Why it’s difficult to tone your calves – part 2

Last week, #TrifocusBrandAmbassador – Ashleigh Frost – chatted to us about why your calves are the most difficult muscle – in your body – to tone. This week, she’ll be talking to us about the anatomy of the calves.

Let’s take a closer look at the anatomy of the calf muscles:

The lower leg (below the knee) is made up of essentially 10 major muscles. The calves are not only made up of the Soleus and Gastrocnemius as so many people believe. These major muscles include:

  • On the front of the leg, the Tibialis Anterior, Peroneus Longus, Peroneus Brevis, Extensor Digitorum Longus, Extensor Hallicus Longus, and
  • At the back the Soleus. Gastrocnemius, Posterior Tibialis, Flexor Hallicus Longus and Flexor D0igitorum Longus.

Now I know alot of these names are Greek to you if you are not versed in anatomy but I have included a diagram for you to follow:

Why it is difficult to tone your calves

I am going to focus on the Soleus and Gastrocnemius as well as the Peroneus Longus and the Anterior Tibialis muscles.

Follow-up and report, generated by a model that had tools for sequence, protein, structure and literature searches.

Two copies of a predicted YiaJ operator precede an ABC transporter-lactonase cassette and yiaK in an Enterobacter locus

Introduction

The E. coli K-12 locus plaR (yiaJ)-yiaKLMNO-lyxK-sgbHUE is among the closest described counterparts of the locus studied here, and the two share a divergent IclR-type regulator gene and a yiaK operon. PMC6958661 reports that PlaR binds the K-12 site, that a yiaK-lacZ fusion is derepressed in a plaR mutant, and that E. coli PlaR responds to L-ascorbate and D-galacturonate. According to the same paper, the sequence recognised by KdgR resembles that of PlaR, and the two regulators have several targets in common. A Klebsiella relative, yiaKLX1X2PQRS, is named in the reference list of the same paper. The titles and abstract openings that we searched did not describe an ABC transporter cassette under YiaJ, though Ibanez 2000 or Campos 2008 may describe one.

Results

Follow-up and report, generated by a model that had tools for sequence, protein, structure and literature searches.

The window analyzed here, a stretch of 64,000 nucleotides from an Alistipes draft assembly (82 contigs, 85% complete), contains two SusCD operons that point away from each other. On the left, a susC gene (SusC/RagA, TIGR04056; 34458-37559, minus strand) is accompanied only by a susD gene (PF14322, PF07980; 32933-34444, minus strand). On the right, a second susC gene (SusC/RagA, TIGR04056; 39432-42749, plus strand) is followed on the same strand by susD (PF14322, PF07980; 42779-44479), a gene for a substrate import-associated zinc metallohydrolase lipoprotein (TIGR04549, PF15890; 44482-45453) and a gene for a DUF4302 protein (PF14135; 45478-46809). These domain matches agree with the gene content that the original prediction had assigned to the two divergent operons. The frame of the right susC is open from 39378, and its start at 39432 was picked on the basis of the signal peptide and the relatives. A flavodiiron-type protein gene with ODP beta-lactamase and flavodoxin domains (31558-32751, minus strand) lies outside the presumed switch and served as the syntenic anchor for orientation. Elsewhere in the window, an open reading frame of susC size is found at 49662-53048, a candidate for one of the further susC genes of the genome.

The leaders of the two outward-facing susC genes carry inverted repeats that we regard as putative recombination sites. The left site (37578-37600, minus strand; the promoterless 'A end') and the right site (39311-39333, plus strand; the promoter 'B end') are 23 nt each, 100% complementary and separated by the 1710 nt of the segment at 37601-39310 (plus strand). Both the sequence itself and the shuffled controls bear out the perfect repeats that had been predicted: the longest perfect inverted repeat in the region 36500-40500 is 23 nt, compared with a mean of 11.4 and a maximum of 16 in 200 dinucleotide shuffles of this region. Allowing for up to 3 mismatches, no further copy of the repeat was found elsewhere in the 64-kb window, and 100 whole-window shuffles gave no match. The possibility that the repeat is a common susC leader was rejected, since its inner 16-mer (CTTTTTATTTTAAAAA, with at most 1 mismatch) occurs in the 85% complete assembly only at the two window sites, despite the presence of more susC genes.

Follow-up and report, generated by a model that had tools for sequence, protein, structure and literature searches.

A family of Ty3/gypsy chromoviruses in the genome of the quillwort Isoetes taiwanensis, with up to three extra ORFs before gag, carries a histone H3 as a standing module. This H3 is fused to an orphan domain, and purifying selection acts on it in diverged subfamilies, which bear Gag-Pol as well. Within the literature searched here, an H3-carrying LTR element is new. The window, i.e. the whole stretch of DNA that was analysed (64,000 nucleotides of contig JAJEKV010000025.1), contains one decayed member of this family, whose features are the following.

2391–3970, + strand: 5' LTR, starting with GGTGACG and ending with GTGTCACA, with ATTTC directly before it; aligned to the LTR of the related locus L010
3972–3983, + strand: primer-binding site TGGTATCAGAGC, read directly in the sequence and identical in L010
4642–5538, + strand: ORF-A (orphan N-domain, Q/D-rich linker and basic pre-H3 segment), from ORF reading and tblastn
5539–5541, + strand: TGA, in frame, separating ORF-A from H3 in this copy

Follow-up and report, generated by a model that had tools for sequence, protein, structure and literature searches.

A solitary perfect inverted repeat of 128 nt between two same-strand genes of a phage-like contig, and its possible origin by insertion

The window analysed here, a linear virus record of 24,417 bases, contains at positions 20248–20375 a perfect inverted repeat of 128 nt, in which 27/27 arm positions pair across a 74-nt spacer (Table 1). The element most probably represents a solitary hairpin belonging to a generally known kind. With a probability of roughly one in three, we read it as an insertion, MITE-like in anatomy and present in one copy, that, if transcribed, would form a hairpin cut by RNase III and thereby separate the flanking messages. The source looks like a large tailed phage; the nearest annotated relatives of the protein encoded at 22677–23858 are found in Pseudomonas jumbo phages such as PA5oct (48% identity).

Gastrocnemius and Soleus

The Gastrocnemius is the larger of the two calf muscles. It is the visible ‘bulge’ beneath the skin:

  • The Gastrocnemius has two heads, which create that beautiful diamond shape.
  • The Soleus is smaller and flatter, and lies under the Gastrocnemius.

Although it is obvious that the Soleus and Gastrocnemius make up the bulk of the calf muscle, it is important to keep in mind the other smaller surrounding muscles as well as the dynamics of the ankle joint if you want to target the calf muscles correctly.

If you take a second to think about the movement of the ankle, you will know that you can point your toes (plantar flexion), flex your foot up towards the knee (dorsiflexion) as well as rotate the bottom of your foot inwards (inversion) as well as outwards (eversion). These are all movements that we are blissfully unaware of that we do in everyday life, however, the action of plantar flexion and inversion are the only two movements that use the bulk of the calf muscle (the Gastrocnemius and the Soleus). The other movements use the aforementioned (and other) smaller muscles, which include the:

  •  Tibialis Anterior,
  • Extensor Hallicus Longus,
  • Extensor Digitorum Longus,
  • Peroneus Longus, and
  • Peroneus brevis.

So it is vital to know how to target ALL of these muscles in order to achieve optimal calf development as well as joint stability.

Catch Ashleigh – and the other #TrifocusBrandAmbassadors – on the #TrifocusFitApp which is avaiable for Android and iOS.




Why your bones wish you’d do more weight training
Endorphins and exercise: The drug of choice